To what extent has Coalition Government affected the role and functions of Prime Minister and Cabinet - Essay Example

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The recent formation of a coalition government in May 2010 in the UK has evoked debates that have been largely unheard of since the establishment of the state in the early eighteenth century. Most general elections in the UK have witnessed whichever winning party bagging the…
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To what extent has Coalition Government affected the role and functions of Prime Minister and Cabinet
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Extract of sample "To what extent has Coalition Government affected the role and functions of Prime Minister and Cabinet"

Download file to see previous pages the Liberal Democrats and David Cameron’s Conservatives has been faced with different challenging administrative issues as compared to single-party governments that came before them. Issues of Cabinet Collective Responsibility, Individual Ministerial Responsibility, Cabinet Committees, and the Sofa Government have mostly changed the way former Prime Ministers have led a single-party government.
Collective responsibility at the level of cabinet involves taking a common stand and owning up whenever a no confidence vote is passed by legislators to facilitate an en-masse resignation over government incompetence (Palmer, 2011). What follows normally is the formation of a new administration, or dissolution of parliament to pave way for a general election (Debus, 2011). In the UK, the principle is applicable to all government officials, from cabinet secretaries to lower ranking members of the executive including Parliamentary Private Secretaries (Martin, 2013). Whereas in a single-party government the doctrine may be suspended to facilitate a no-holds-barred debate on key policy issues affecting the public, a Prime Minister under a coalition government tend to be intolerant to dissenting opinion for fear that it could degenerate into a split in and an eventual collapse of government (Bawn, & Somer-Topcu, 2012).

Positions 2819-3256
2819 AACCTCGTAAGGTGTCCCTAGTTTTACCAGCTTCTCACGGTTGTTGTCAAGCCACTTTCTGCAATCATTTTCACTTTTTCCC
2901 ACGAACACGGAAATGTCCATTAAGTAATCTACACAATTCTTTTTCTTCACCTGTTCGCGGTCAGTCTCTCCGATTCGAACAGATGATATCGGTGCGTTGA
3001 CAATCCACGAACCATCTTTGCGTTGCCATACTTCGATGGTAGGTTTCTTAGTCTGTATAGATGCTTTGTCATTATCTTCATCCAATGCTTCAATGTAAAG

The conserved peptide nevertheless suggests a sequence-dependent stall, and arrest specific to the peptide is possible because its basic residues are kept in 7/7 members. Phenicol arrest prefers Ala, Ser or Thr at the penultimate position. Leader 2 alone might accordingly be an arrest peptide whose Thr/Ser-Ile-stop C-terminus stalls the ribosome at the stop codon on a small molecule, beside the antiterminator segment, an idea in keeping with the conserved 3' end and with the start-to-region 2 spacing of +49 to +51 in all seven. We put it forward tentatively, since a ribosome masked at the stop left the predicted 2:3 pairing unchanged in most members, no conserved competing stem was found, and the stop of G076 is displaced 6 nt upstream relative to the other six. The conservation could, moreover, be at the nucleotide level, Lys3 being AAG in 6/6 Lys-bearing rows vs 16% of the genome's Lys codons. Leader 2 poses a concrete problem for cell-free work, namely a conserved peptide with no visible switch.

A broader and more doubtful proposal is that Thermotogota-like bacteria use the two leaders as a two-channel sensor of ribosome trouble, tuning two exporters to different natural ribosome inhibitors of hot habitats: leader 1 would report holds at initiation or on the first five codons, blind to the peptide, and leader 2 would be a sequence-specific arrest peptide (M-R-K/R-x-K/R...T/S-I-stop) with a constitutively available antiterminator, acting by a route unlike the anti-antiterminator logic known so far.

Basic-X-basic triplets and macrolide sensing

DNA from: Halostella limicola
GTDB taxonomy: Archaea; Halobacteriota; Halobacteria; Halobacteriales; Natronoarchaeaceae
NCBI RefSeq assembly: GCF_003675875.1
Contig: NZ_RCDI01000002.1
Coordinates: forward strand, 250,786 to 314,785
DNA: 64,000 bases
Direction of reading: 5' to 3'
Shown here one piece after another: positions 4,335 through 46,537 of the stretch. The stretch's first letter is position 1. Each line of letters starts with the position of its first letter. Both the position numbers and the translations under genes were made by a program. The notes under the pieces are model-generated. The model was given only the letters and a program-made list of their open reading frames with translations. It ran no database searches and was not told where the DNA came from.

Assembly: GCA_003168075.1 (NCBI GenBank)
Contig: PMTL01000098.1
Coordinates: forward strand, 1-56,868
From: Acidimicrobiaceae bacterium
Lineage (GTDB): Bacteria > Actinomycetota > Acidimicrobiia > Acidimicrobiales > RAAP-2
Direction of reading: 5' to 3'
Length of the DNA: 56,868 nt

Paun (2011) suggests that even though collective responsibility was suspended in Britain in the 1930s debate about the implementation of protective taxation policies; and again in 1975 following the debate on whether the country should continue to serve in the European Economic Community, single-party Prime Ministers tend to be more democratic than their coalition counterparts when it comes to implementing collective responsibility. The isolated cases of breach of collective responsibility in majority governments and their lesser impacts could have informed Prime Minister Tony Blair’s decision in 2003 to permit Clare Short to continue serving in government, ...Download file to see next pagesRead More
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